I suspect that this is not a storage efficiency issue as much as an issue of simply collecting too much data. From my experience with the default metricbeat config the data volume you are experiencing is about right. If fact it is a little lower than I would expect, which is probable related to the increased compression you are using. A few things to consider...
1. By default metricbeat collects metrics every 10s. Do you really need that granularity?
There is certainly a trade off to consider. Granularity can be great for troubleshooting purposes... IF you have the skills to interpret what the data is telling you... otherwise it is a waste of resources. The simple fact is that many organizations lack the operational sophistication to take advantage of much of the data they have available.
I have been in the infrastructure management space for a couple decades. Back in the 80s and 90s 15 minute collection cycles was very common. Even a couple years ago 5 minutes was totally acceptable. Today 3 minutes seems to be the minimum expectation, with 1 minute for specific use-cases. Everyone wants the ability to collect metrics at greater granularity for short time spans, but not permanently.
You have to be honest with yourself... do you really need 10s granularity? If you bump this up to 60s, you still have a fairly granular view that will be more than sufficient for most troubleshooting and capacity planning use-cases. You will also have increased your storage capacity from 2 days to 12 days... voila!
2. Do you need data for all processes?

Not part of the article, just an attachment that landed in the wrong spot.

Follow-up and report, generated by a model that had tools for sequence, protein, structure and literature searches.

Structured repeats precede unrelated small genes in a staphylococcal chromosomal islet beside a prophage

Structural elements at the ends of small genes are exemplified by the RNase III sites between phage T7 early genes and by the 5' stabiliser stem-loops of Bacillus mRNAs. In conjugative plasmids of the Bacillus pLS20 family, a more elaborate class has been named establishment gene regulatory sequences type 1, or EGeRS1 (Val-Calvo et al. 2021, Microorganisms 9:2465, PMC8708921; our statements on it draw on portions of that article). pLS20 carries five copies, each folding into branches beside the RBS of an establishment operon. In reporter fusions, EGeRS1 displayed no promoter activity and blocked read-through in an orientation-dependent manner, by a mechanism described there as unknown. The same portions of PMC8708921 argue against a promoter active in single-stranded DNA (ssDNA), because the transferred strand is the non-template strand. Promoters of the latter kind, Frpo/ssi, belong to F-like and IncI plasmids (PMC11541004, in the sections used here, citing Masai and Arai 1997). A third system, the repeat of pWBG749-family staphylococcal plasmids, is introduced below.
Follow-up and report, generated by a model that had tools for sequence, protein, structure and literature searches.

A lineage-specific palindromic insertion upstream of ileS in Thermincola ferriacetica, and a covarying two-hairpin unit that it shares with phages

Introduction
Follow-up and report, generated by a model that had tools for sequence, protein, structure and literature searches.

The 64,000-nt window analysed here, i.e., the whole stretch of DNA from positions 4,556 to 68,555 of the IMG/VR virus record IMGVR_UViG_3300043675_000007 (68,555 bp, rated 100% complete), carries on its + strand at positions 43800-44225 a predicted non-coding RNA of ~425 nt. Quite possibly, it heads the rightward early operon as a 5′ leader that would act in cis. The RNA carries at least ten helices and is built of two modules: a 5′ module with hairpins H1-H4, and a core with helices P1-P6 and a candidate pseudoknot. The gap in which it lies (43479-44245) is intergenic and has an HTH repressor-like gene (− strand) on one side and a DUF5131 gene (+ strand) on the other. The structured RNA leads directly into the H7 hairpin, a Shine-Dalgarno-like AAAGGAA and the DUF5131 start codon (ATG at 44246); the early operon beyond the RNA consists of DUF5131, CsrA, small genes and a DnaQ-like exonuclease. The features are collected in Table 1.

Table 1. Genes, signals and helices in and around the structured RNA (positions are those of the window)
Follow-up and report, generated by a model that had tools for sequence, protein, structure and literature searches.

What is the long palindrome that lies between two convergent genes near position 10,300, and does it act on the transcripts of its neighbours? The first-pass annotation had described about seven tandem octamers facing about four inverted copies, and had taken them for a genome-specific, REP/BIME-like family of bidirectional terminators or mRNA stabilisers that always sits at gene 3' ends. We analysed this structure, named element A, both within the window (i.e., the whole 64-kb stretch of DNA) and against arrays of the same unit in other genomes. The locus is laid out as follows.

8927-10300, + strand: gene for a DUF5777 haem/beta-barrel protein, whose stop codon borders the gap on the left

By default metricbeat will produce metrics for all process. In Linux every thread is handled as a process, which combined with all of the behind the scenes stuff going on in a modern OS can result is very large number of processes. This means a very large amount of data. In fact, I would bet that metricbeat data for processes is by far the largest amount of data you are collecting. Consider this list of processes metricbeat picked up from a simple CentOS VM running MySQL...
Which of these processes do we really care about? Or perhaps the better question... for which of the these processes do we have the operational sophistication to do anything about? For me personally I am looking only at...
By specifying exactly the processes I am interested in I can cut down from 90 processes to 7. In my environment with a default metricbeat configuration collecting data on all processes, the process-related data is 70% of all of the data collected. By focusing on only the processes I care about (and can do something about) I can cut this down to about 15% of the total data. If you can achieve a similar reduction you can now stretch those 12 days to over 30 days.
While the initial setup of metricbeat is easy. There is a difference between quickly showcasing its capabilities (which is what the default config really does) and deploying a comprehensive solution to monitor and manage your infrastructure. Elastic Stack provides some great building blocks for such a solution, but its needs to be deployed inline with the requirements of your organization.
I hope you find this useful.